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What is a Survey – Definition, Methods, Characteristics

Survey: Definition

A Survey is defined is a research method used for collecting data from a pre-defined group of respondents to gain information and insights on various topics of interest. Surveys have a variety of purposes and can be carried out in many ways depending on the methodology chosen and the objectives to be achieved.

The data is usually obtained through the use of standardized procedures whose purpose is to ensure that each respondent is able to answer the questions at a level playing field to avoid biased opinions that could influence the outcome of the research or study. A survey involves asking people for information through a questionnaire, which can be distributed on paper, although with the arrival of new technologies it is more common to distribute them using digital media such as social networks, email, QR codes or URLs.

Characteristics of a Survey

The need to observe or research facts about a situation leads us to conduct a survey. As we mentioned at the beginning, a survey is a method of gathering information.

So what do you need to conduct a survey?

First, a sample, also referred to as audience, is needed which should consist of a series of survey respondent’s data with required demographic characteristics, who can relevantly answer your survey questions and provide the best insights. Better the quality of your survey sample, better will be your response quality and better your insights.

Surveys come in many different forms and have a variety of purposes, but they have common underlying characteristics. The basic characteristics of a survey are:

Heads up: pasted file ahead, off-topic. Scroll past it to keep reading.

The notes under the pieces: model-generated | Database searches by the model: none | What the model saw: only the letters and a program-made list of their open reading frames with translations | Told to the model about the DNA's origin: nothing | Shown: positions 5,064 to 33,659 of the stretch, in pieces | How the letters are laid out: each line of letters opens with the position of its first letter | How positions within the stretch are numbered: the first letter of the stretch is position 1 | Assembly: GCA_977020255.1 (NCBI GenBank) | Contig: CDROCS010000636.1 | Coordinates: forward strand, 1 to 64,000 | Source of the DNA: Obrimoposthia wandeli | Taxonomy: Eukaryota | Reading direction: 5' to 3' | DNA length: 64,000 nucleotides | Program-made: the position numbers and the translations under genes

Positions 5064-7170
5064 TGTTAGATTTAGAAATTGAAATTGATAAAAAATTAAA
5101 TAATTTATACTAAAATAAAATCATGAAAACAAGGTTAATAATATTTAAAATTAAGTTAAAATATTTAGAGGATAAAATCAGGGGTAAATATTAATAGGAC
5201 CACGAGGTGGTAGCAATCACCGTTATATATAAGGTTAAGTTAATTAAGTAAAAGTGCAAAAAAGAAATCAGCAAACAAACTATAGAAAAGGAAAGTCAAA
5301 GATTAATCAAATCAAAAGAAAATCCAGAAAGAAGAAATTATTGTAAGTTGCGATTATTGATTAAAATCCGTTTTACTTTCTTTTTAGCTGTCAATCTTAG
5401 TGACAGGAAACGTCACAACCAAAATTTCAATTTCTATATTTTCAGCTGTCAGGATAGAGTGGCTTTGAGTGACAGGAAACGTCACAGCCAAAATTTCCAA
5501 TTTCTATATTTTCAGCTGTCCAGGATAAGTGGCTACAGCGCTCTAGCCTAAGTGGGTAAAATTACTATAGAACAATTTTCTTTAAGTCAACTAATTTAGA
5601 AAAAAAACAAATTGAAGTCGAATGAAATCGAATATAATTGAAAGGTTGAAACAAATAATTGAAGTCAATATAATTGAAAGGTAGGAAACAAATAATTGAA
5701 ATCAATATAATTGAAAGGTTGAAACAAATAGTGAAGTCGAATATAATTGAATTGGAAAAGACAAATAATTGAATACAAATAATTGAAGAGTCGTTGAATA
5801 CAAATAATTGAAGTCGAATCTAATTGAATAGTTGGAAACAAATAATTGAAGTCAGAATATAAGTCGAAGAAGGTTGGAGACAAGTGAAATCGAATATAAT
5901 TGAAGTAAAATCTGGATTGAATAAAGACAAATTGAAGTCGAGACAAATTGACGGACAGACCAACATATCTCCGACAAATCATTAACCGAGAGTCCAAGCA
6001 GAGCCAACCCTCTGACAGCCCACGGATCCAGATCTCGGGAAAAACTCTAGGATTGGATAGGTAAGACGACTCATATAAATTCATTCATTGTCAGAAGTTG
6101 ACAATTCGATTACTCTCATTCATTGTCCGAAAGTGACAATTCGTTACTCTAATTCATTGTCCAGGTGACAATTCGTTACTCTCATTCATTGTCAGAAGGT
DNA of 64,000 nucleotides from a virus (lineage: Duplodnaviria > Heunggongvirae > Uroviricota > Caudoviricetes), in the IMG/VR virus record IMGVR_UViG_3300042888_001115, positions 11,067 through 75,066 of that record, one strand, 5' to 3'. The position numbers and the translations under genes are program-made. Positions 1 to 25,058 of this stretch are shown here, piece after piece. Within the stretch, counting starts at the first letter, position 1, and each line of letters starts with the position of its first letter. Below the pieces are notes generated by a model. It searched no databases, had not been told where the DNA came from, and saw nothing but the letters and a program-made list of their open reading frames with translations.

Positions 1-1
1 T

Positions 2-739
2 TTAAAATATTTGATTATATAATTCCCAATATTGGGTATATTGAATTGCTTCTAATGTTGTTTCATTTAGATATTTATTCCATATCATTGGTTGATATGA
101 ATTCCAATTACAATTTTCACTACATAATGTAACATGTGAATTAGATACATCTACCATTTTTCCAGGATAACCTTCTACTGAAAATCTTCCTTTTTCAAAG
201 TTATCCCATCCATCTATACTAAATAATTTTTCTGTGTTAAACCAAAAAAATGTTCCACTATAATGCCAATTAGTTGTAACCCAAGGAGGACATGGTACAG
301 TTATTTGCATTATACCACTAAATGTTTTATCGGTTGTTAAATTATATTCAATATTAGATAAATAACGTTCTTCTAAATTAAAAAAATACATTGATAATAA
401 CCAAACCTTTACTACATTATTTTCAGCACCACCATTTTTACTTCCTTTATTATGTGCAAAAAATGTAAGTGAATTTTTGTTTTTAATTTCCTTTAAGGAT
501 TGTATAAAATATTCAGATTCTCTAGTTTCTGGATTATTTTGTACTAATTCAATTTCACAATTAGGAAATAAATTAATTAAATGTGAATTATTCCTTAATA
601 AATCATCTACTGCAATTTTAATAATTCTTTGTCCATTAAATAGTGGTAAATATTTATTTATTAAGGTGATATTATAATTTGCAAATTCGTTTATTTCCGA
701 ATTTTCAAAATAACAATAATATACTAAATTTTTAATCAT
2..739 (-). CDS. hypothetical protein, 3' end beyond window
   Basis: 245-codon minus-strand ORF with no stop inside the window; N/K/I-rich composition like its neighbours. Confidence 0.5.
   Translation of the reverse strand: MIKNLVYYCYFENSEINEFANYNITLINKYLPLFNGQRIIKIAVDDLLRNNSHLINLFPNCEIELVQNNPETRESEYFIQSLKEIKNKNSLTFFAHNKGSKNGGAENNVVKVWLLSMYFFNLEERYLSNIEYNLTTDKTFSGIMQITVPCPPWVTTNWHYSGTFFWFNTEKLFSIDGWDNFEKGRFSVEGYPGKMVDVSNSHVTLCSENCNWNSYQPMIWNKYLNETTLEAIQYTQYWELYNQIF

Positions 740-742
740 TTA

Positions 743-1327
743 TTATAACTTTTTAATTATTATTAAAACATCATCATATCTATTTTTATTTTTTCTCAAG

Survey Questions: Questionnaire for your survey

Effective survey questions are the cornerstone for the success of any survey and subsequently, any research study. Whether it an email survey, SMS survey, web intercept survey or a mobile app survey, the single common denominator that determines how effectively you are able to collect accurate and complete survey responses is your survey questions and their types.

Multiple choice questions are the most common type of survey questions, in which, some of the popular question types are: dichotomous question, semantic differential scale question, rank order questions, rating scale questions and open ended questions .

To conduct a survey, it is important to plan the type of survey to ensure you get the optimum number of responses required for your survey. It could be a mix of interviews and survey questions or a questionnaire. Interviews could be telephone interviews, face-to-face interviews, online interviews and questionnaires can be mall surveys or web surveys. The underlying difference between a survey and a questionnaire is that a questionnaire may or may not be delivered in the form of a survey, but a survey always consists of a questionnaire.

Sample and Sample Determination

A sample is a selection of respondents from a population in such a manner that the sample represents the total population as closely as possible. Once you have determined your sample, the total number of individuals in that particular sample is the sample size.

Selecting a sample size depends on the end objective of your research study. It should consist of a series of survey respondents data with required demographic characteristics, who can relevantly answer your survey questions and provide the best insights. If the quality of the sample for survey is good, the response quality and insights are better.

Survey Methods

Survey methodology studies the in-depth sampling of individual units from a population and administering data collection techniques on that sample. It includes instruments or processes that ask different question types to a predefined sample, to conduct data-collection and increase the survey response rate.

The two distinctive member types are in a survey methodology are, professionals in the field that focus on empirical survey errors and others that work to design surveys and reduce them. it is therefore both a scientific field and a profession. The primary tasks of a survey methodologist while administering a survey is to identify and create samples, validate test questions, select the mode to administer questions and validate methods for data collection, statistical analysis and data reporting.

Survey Methods based on Design

Surveys can be administered by the time they take to complete, the two types are: